What If Jonathan Ferrell were my son?

What if Jonathan Ferrell were my son?
That’s what I thought about when I stopped by the court room
on the first day of the Kerrick trial.
Jonathan – a 24 year old former Florida A&M University football player,
an aspiring engineer, engaged to a beautiful woman.

What if Officer Kerrick were my son?
Officer Randall Kerrick — a 28 year old father of a toddler,
married to his high school sweetheart,
responding to a panicked call from a mother about a break in
and now charged with voluntary manslaughter
for using excessive force that led to Jonathan’s death.
In his eyes, Ferrell was charging at him and his partner
and he feared for their safety.
He had a legal duty to take control of the situation
using force, if necessary, to bring calm.
In his toolbox of options – from verbal commands,
to hands-on use of force, to Taser and gun –
he made his split second decision to act.

What if Jonathan Ferrell were my son?
Jonathan was unarmed. Jonathan was scared.
He had been in a car accident and was seeking help.
If Jonathan were my son,
I’d see him running away from a Taser
not to attack officers but to find safety
yet ending up with 10 bullets in his body.
I’d weep uncontrollably to learn that
he was shot at four times before falling,
six times while crawling on the ground
and two more times once he stopped moving.
I’d wail hearing how he was handcuffed
after he had been shot in the head and body.
I’d be silenced with sorrow and storming with rage
to learn that the police offered Ferrell no medical aid
nor assistance from the EMT who asked them to help.

What if I were a Charlotte citizen?
I’d see a confusion of color –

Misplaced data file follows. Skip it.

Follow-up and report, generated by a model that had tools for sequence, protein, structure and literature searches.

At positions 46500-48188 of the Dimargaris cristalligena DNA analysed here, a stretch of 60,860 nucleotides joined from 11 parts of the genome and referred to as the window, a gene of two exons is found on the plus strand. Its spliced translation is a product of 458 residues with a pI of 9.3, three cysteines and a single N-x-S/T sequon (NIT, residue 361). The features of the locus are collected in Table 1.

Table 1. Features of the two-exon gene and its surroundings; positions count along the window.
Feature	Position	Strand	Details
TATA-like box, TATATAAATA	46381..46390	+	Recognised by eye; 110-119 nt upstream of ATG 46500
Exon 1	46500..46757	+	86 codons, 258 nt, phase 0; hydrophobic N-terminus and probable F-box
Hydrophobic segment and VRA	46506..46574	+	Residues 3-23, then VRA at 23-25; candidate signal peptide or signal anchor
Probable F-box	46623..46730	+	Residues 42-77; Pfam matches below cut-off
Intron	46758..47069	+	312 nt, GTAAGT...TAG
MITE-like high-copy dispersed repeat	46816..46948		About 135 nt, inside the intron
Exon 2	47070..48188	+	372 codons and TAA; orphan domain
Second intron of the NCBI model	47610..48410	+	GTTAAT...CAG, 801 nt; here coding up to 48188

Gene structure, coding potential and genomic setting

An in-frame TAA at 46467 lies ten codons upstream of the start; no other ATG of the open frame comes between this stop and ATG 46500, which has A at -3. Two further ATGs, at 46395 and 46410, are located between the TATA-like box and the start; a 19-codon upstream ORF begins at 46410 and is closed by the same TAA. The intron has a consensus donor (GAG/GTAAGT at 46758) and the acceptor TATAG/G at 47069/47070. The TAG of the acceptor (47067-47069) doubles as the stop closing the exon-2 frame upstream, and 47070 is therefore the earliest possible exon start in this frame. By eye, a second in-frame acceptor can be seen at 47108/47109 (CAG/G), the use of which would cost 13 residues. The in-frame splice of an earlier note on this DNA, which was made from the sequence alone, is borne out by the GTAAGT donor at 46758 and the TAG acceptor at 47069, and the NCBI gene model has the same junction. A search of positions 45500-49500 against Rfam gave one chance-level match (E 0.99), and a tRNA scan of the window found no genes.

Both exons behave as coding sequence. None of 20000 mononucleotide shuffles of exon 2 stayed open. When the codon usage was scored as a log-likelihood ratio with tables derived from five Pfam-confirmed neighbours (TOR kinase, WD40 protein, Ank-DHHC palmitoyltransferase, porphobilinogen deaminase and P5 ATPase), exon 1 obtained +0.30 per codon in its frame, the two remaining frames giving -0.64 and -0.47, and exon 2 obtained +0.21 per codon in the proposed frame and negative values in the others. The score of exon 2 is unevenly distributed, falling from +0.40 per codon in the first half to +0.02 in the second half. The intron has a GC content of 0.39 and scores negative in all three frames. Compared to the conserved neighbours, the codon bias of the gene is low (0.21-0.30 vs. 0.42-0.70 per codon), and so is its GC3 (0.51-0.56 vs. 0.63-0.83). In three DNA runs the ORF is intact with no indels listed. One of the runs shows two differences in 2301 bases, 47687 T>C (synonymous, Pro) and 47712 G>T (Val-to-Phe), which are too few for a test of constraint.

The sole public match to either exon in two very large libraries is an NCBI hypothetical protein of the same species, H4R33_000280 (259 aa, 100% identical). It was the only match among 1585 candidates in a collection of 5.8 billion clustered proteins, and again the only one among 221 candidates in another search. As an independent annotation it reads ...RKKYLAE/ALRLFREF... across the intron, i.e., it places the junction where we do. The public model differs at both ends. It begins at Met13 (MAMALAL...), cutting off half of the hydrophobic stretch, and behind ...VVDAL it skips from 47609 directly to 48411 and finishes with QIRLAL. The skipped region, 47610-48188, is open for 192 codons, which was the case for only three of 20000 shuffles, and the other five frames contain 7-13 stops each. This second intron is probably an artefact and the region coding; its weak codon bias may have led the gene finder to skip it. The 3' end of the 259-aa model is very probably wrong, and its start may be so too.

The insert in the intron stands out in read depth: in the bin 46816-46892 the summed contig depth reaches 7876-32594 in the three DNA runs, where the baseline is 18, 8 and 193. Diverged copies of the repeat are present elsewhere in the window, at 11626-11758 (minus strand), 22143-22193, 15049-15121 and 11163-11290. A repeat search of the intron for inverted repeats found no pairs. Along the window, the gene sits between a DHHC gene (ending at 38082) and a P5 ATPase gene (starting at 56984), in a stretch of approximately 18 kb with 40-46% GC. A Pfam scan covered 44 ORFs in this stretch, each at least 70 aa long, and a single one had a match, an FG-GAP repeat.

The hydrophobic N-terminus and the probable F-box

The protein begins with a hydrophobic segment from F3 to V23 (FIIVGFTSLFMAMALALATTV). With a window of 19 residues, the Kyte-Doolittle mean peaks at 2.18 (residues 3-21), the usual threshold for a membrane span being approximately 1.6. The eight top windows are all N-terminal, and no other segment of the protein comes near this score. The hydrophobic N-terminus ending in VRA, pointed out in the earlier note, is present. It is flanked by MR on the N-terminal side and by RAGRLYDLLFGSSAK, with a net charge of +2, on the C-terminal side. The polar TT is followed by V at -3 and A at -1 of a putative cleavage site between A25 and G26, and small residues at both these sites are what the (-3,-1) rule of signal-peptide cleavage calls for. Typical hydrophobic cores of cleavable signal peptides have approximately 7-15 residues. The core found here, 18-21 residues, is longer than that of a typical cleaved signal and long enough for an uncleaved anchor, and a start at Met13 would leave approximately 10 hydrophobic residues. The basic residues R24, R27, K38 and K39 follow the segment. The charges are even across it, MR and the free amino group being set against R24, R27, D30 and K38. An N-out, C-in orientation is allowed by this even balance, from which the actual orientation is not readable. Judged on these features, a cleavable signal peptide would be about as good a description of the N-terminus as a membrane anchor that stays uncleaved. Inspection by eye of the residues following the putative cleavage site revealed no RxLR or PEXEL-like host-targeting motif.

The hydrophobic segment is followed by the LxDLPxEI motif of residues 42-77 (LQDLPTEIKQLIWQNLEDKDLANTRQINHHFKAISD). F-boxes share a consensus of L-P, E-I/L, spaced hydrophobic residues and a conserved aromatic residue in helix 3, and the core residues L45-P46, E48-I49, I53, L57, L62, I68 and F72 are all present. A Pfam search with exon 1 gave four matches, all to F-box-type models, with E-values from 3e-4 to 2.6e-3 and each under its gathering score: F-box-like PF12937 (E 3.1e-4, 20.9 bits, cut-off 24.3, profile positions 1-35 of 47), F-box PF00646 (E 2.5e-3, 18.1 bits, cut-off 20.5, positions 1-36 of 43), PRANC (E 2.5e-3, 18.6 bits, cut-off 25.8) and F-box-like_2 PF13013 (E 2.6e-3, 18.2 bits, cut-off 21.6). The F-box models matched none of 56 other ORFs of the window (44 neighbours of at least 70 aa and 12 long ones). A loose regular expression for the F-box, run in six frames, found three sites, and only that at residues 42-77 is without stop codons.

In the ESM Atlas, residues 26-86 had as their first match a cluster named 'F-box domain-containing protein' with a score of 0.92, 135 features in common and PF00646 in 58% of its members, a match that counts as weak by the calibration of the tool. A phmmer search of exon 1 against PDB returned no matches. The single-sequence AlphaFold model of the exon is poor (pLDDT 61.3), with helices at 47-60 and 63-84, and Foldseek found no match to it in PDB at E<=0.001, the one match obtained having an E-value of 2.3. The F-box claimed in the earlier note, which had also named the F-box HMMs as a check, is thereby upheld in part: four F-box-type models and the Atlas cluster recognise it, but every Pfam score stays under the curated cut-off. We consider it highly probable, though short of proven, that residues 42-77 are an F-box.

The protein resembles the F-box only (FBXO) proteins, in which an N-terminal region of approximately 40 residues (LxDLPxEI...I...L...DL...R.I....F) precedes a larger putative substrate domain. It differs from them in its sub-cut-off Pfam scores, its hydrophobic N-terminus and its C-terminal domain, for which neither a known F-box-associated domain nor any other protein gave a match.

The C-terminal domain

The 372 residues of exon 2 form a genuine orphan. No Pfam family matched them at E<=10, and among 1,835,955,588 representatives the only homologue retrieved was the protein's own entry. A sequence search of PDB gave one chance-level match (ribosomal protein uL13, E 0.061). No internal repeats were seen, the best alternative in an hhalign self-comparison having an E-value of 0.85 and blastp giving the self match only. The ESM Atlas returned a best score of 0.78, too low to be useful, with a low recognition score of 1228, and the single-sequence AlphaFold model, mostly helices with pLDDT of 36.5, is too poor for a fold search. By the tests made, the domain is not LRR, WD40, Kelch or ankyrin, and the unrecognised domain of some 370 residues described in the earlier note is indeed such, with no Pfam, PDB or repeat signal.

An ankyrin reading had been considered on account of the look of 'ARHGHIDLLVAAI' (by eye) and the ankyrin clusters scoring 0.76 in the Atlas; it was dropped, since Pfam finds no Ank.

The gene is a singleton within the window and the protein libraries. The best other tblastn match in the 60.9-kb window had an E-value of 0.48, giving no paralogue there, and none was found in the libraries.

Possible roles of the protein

black skin, blue suits, white skin.
I’d see no color at all,
only tragedy on all sides.

What if Jonathan were my son?
Until we see all victims,
no matter the color of the skin,
as our sons;
until we see all officers,
no matter the color of their skin,
as our brothers or fathers;
then the day will not come
when we will overcome
the racism and inhumanity that divides,
that demeans, that devalues,
and that leads to loss of life.

What if Jonathan Ferrell were my son?
I cannot say
but I can tell you what Jonathan’s mom,
Mrs. Georgia Ferrell, has told me twice.

In witnessing the excruciating painful hearing
she told me, “It may not feel good
but it is for the good.”

May Jonathan’s death lead to good.
May it lead to a change in police training –
so that no other Officer Kerrick is placed on trial
and no other Jonathan’s life is lost.

May it lead to a call for humanity —
a cry for better training for police officers –
not only in using force
but in psychological training
so that they can see, in tense and fearful situations,
the human beings before them
as the human beings they are
as they seek to protect all.

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